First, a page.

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| ORIGINAL ARTICLE
|Year : 2016 | Volume
| Issue : 1 | Page : 62--65
Bedside computed tomography in traumatic brain injury: Experience of 10,000 consecutive cases in neurosurgery at a level 1 trauma center in India
Deepak Agrawal1, Renu Saini1, Pankaj Kumar Singh1, Sumit Sinha1, Deepak Kumar Gupta1, Guru Dutta Satyarthee1, Mahesh Chandra Misra2
1 Department of Neurosurgery, All Institute of Medical Sciences, New Delhi, India
2 Chief, JPNA Trauma Centre, All Institute of Medical Sciences, New Delhi, India
Introduction: Patients with traumatic brain injury (TBI) need frequent computed tomography (CT) of the head for assessment and management. In view of the associated polytrauma, hemodynamic instability, and various in-dwelling catheters and tubes, shifting of patients for CT scans may be difficult.
Aims and Objectives: To assess the role of mobile CT (Ceretom®; NeuroLogica Corporation, Boston, MA, USA) in a trauma center with respect to patient management.
Materials and Methods: In this retrospective study over 67 months (June 2009 to January 2015), the number of CT scans done, the time taken for CT and downtime were evaluated. Also, for the first 1000 mobile CT scans, the clinical and radiological records of all patients with TBI who underwent imaging using the mobile CT scanner in the intensive care units (ICUs) were analyzed.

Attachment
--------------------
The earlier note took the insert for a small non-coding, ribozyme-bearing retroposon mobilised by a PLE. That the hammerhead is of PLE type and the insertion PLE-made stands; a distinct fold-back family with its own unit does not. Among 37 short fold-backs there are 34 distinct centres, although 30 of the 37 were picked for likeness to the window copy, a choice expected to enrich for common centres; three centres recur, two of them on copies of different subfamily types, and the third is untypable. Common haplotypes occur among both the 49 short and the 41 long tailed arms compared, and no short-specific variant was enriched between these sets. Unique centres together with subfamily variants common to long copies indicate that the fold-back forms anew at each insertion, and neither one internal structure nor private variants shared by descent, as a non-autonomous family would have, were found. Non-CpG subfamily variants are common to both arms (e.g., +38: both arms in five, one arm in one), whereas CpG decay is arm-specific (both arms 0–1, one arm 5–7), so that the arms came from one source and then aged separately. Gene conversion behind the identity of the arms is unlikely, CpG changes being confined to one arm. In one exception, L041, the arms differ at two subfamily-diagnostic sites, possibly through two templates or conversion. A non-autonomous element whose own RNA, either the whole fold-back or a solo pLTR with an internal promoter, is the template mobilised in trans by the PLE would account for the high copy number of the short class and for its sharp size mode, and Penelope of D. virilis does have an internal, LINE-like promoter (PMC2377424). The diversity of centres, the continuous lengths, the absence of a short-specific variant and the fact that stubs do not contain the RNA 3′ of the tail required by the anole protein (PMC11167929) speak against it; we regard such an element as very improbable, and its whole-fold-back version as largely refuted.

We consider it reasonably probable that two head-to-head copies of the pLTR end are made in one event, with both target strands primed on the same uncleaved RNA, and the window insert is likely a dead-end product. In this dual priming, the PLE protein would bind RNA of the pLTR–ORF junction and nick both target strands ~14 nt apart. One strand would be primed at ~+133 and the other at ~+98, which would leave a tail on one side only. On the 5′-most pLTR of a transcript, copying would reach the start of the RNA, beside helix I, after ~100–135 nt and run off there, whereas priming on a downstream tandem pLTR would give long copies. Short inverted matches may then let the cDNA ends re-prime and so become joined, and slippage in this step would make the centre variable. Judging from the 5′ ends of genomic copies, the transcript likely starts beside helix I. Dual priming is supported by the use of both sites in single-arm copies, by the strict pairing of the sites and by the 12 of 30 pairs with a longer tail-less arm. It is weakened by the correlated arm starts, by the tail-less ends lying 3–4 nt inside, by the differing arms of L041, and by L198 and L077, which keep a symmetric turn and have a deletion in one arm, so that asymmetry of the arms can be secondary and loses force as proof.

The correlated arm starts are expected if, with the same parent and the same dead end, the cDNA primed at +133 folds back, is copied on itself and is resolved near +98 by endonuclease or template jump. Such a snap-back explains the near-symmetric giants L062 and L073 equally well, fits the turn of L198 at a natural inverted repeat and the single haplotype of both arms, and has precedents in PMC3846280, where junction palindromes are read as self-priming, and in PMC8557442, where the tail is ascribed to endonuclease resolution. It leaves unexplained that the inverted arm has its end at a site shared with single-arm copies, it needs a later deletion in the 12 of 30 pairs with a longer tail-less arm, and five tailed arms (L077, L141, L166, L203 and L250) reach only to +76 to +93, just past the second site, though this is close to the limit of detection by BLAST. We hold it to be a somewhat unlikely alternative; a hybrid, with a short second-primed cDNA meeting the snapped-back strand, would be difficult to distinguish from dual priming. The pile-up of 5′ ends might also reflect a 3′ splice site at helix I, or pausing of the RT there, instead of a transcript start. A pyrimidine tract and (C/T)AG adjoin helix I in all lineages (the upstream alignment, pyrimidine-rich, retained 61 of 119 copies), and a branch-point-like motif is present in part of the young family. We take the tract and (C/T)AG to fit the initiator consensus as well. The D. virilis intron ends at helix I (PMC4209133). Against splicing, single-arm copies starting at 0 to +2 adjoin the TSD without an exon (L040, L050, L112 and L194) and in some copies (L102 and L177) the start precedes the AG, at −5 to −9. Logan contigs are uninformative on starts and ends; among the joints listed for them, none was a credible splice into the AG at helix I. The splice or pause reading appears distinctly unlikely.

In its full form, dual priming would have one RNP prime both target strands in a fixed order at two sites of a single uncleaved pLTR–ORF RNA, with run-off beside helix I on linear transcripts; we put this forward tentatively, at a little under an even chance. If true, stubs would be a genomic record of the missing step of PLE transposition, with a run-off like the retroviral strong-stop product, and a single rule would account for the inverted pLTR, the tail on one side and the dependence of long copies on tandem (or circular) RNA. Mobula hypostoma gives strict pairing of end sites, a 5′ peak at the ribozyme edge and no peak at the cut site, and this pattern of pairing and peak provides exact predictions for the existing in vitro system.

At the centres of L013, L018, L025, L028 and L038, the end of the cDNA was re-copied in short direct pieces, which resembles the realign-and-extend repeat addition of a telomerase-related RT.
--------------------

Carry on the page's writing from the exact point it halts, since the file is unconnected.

Observations and Results: A total of 10,000 mobile CT scans were done on the mobile CT scanner till January 5, 2015. Of the first 1000 patients evaluated, 75.3% had severe TBI, 15.1% had moderate TBI, and 9.6% had mild TBI. 78.1% patients were on ventilator, with 80.2% requiring sedation and 8.4%, an inotropic support. An in situ intracranial pressure monitoring was present in 21.1% of patients. In all, 12.4% of patients had long-bone fractures requiring skeletal traction; and, the tube thoracostomy was in-situ in 7.4%. No adverse events related to line malfunction/pullout occurred. The mean time for the performance of imaging using the mobile CT scan was 11.6 minutes compared with 47.8 minutes when patients were shifted to a conventional CT scan suite. The machine was nonfunctional 94 times, with an average downtime of 4.2 hours (range 2–72 hours). The life-cycle cost per mobile CT scan was Rs. 1340.
Conclusions: A mobile CT has considerably changed the management response time in the neurosurgical intensive care unit (ICU) setup and decreased patient transfer times and the associated complications. Inclusion of a mobile CT scanner in the armamentarium of a neurosurgeon as a “bedside tool” can dramatically change decision making and the response time. It should be considered as the standard of care in any large-volume emergency department or neurosurgical facility.
Department of Neurosurgery, JPNA Trauma Centre, All India Institute of Medical Sciences, New Delhi - 110 029
Source of Support: None, Conflict of Interest: None
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